“I posted the picture online that night and a coworker mentioned that there were several barns with similar logos elsewhere in Ohio. A little research and I discovered that a barn painter, Scott Hagan, was commissioned to paint a bicentennial logo on one barn in each of Ohio’s 92 counties. He painted them in the years around 2000. When he first was commissioned to do the project he received both advice and equipment from Harley Warrick. Warrick was the last of the Mail Pouch barn painters.”
“I realized there were a couple of bicentennial barns in Madison County, NY. A bit more research and I found that Scott Hagan was commissioned to paint barns commemorating Madison County’s bicentennial. He painted a barn in each of Madison County’s towns and the City of Oneida. It inspired me to freeze his work on film”, said Horton.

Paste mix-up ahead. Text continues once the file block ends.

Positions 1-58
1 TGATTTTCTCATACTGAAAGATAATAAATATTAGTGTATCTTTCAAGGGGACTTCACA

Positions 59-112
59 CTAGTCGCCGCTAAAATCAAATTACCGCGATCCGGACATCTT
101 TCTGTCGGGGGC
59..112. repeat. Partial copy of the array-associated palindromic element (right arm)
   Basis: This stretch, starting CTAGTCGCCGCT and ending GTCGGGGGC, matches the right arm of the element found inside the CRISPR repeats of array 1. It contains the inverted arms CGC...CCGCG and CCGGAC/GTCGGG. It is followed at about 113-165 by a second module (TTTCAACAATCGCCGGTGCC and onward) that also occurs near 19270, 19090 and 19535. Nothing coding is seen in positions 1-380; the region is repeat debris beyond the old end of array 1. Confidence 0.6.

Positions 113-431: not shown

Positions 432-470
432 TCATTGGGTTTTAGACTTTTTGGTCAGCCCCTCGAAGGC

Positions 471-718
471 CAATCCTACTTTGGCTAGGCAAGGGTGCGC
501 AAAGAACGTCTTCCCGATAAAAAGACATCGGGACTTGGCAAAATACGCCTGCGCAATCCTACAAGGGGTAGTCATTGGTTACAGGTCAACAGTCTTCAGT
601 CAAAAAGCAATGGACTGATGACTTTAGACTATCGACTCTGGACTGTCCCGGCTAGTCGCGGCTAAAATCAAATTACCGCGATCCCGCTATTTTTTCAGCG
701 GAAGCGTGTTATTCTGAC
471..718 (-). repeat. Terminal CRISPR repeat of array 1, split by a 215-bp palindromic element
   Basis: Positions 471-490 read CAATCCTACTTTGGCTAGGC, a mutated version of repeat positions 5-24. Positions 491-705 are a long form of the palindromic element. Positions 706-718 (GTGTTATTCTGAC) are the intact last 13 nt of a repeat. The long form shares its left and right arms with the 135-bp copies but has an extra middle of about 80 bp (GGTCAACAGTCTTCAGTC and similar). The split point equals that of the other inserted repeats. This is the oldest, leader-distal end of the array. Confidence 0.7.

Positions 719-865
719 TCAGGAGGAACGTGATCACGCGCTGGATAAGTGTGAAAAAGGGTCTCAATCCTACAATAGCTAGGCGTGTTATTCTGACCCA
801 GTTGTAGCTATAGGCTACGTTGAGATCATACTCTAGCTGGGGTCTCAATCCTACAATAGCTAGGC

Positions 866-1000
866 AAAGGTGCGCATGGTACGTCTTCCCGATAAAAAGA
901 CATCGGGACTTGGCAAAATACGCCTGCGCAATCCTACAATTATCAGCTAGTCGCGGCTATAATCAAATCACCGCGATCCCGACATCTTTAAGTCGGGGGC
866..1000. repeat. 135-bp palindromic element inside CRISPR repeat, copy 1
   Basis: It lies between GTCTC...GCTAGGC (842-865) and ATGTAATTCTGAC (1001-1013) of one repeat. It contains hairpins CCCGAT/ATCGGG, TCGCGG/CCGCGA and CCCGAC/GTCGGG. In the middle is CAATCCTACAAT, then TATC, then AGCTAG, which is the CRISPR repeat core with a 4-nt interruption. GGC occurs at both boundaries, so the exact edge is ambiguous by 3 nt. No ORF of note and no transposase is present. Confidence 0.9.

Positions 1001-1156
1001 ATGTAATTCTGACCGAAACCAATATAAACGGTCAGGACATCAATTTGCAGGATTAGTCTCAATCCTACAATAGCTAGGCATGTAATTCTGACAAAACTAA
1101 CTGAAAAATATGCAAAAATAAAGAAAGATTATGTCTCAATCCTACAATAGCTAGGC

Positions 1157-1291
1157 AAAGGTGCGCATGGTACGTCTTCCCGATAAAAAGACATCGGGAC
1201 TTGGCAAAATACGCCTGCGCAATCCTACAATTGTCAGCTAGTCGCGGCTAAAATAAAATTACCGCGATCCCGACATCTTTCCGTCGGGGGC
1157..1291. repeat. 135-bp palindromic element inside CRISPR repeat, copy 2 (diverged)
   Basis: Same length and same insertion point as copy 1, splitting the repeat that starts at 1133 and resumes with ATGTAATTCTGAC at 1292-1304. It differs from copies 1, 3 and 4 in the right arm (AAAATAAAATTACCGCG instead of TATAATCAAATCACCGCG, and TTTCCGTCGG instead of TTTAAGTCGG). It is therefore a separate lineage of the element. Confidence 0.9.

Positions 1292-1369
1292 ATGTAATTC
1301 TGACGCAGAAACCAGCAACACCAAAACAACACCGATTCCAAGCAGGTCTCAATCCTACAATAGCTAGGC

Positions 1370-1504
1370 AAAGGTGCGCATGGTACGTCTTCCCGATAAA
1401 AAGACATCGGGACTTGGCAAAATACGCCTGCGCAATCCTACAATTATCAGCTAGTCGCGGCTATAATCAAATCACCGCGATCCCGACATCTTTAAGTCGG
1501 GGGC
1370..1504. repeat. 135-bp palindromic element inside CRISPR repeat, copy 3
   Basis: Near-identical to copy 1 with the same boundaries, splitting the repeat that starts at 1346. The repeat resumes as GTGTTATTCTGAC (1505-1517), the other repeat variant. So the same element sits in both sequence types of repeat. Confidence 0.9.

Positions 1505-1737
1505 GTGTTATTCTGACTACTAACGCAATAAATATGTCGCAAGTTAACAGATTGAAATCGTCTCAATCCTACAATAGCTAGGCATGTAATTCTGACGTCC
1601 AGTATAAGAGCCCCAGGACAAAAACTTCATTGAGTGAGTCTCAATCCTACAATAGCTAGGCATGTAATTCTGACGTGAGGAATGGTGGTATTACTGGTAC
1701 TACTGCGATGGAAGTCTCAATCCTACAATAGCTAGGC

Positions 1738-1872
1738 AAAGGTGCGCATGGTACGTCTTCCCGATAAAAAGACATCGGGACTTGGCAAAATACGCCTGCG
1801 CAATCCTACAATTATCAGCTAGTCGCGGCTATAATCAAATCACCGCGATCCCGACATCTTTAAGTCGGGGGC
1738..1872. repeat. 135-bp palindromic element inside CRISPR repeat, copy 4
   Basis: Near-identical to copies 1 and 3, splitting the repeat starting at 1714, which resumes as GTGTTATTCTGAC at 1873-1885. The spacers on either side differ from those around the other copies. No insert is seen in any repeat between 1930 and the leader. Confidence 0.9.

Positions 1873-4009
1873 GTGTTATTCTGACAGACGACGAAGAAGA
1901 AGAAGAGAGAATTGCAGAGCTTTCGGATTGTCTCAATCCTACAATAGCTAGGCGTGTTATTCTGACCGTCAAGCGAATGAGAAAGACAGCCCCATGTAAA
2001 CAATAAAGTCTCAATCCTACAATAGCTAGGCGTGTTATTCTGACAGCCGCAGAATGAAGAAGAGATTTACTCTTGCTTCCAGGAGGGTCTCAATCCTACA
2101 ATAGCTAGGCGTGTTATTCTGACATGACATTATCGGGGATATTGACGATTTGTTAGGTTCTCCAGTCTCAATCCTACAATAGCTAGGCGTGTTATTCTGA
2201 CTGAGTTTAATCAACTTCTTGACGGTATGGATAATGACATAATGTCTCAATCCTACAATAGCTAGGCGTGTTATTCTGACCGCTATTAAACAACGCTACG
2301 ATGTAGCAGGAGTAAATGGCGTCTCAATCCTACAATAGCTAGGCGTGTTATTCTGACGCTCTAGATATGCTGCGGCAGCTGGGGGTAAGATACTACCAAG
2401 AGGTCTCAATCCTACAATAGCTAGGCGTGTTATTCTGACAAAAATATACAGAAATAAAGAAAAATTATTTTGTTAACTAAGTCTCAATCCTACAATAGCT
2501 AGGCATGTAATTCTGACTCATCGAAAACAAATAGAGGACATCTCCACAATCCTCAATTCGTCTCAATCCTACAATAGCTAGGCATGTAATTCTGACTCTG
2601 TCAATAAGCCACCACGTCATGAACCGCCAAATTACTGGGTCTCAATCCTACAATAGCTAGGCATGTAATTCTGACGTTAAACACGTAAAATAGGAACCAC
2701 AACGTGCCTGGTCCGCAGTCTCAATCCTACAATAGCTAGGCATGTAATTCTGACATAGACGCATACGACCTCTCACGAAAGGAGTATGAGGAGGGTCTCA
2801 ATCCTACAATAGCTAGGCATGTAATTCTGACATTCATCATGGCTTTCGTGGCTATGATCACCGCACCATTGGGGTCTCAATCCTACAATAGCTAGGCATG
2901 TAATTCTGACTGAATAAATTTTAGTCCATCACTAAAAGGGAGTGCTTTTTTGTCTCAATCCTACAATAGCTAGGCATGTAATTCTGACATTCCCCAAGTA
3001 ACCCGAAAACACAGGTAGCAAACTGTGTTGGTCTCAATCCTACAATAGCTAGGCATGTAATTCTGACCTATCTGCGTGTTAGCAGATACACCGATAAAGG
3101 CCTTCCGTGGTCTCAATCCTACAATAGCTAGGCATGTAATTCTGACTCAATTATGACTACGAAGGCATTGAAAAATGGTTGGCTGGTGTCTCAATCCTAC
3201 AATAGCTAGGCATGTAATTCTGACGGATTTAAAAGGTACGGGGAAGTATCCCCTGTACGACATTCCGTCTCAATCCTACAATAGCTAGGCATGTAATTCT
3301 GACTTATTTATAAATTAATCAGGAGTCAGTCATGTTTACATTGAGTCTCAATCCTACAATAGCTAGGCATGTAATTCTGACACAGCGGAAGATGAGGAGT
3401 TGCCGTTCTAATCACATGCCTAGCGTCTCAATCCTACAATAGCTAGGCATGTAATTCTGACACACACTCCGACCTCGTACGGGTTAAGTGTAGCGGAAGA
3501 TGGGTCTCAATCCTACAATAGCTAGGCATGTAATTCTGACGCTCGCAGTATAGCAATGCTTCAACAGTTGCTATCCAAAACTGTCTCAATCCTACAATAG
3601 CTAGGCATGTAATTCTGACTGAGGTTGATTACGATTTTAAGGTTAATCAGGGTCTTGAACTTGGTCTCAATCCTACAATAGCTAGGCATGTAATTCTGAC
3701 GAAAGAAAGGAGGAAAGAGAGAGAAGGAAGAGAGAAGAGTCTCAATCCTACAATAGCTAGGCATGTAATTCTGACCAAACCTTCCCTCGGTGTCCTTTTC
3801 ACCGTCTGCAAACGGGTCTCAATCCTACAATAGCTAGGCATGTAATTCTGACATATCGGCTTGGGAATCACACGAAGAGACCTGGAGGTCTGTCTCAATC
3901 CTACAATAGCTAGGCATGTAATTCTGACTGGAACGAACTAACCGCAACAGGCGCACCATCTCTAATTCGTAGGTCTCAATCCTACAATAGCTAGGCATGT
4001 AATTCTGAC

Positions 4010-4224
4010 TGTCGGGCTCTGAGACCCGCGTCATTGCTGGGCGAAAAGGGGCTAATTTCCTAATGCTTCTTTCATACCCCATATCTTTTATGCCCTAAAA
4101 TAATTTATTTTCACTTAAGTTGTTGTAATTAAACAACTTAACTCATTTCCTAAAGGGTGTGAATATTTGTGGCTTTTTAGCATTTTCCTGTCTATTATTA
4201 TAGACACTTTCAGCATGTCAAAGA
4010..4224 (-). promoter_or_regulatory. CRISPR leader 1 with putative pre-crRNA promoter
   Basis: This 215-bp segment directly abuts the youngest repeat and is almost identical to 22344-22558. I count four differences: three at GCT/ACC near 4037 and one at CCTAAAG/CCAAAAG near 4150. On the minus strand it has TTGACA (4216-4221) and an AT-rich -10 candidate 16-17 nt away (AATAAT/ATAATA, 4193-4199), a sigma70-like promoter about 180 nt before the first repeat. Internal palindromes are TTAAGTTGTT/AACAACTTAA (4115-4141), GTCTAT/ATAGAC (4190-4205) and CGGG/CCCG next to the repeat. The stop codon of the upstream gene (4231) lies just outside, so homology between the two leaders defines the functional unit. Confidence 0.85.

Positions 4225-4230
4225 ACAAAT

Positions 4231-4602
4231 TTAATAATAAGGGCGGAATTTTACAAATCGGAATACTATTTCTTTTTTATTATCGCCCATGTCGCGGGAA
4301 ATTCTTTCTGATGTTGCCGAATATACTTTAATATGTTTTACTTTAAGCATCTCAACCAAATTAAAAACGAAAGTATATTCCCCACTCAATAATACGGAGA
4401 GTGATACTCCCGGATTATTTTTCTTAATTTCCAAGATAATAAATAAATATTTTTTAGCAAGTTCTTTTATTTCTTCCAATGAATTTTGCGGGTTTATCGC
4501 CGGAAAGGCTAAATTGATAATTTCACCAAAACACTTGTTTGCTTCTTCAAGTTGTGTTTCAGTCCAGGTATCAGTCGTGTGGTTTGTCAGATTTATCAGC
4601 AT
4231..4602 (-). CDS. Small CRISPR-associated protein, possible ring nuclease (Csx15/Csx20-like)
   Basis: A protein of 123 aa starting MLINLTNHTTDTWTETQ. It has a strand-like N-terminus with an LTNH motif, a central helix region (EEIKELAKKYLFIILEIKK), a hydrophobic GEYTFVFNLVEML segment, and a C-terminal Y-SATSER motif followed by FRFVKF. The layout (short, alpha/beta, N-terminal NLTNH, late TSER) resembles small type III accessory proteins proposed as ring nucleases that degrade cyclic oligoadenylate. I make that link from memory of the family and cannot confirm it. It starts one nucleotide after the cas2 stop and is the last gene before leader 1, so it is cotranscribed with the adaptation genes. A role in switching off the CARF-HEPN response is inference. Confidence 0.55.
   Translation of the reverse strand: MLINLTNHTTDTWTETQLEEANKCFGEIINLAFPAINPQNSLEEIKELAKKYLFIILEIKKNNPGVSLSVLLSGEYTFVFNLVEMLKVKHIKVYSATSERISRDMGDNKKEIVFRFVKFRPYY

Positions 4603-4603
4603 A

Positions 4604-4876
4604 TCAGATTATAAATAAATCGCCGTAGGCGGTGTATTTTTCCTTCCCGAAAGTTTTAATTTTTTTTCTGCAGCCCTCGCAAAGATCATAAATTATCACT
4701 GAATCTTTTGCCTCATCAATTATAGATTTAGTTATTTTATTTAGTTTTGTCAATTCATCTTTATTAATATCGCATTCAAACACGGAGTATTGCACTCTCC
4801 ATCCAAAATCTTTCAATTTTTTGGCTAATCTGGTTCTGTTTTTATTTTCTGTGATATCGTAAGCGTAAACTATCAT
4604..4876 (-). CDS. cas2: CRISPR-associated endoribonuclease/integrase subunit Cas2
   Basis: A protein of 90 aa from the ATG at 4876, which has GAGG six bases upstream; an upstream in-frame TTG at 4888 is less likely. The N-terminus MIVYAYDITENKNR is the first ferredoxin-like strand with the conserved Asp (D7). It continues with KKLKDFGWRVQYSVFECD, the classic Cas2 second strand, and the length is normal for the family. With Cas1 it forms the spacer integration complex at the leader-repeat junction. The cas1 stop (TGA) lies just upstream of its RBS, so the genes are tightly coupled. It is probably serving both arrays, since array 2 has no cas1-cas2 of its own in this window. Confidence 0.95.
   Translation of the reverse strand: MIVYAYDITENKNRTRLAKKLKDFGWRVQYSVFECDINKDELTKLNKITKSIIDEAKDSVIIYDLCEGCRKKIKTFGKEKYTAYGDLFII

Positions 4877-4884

Nowadays Horton’s handiwork can be found regularly at the Broad Street gallery in Hamilton, N.Y, in photo essays for the New York State Conservationist magazine and online with his photo-a-day project where he shares a photo everyday which was taken on that day. “Landscapes, waterfalls, friends, and family are my photographic challenges. It’s pushing me to take a second look at things,” said Horton.
For an entertaining, visual bonanza and a chance to own one of Wells Horton’s works of art, visit www.wells-horton.smugmug.com
Published in Lee Publications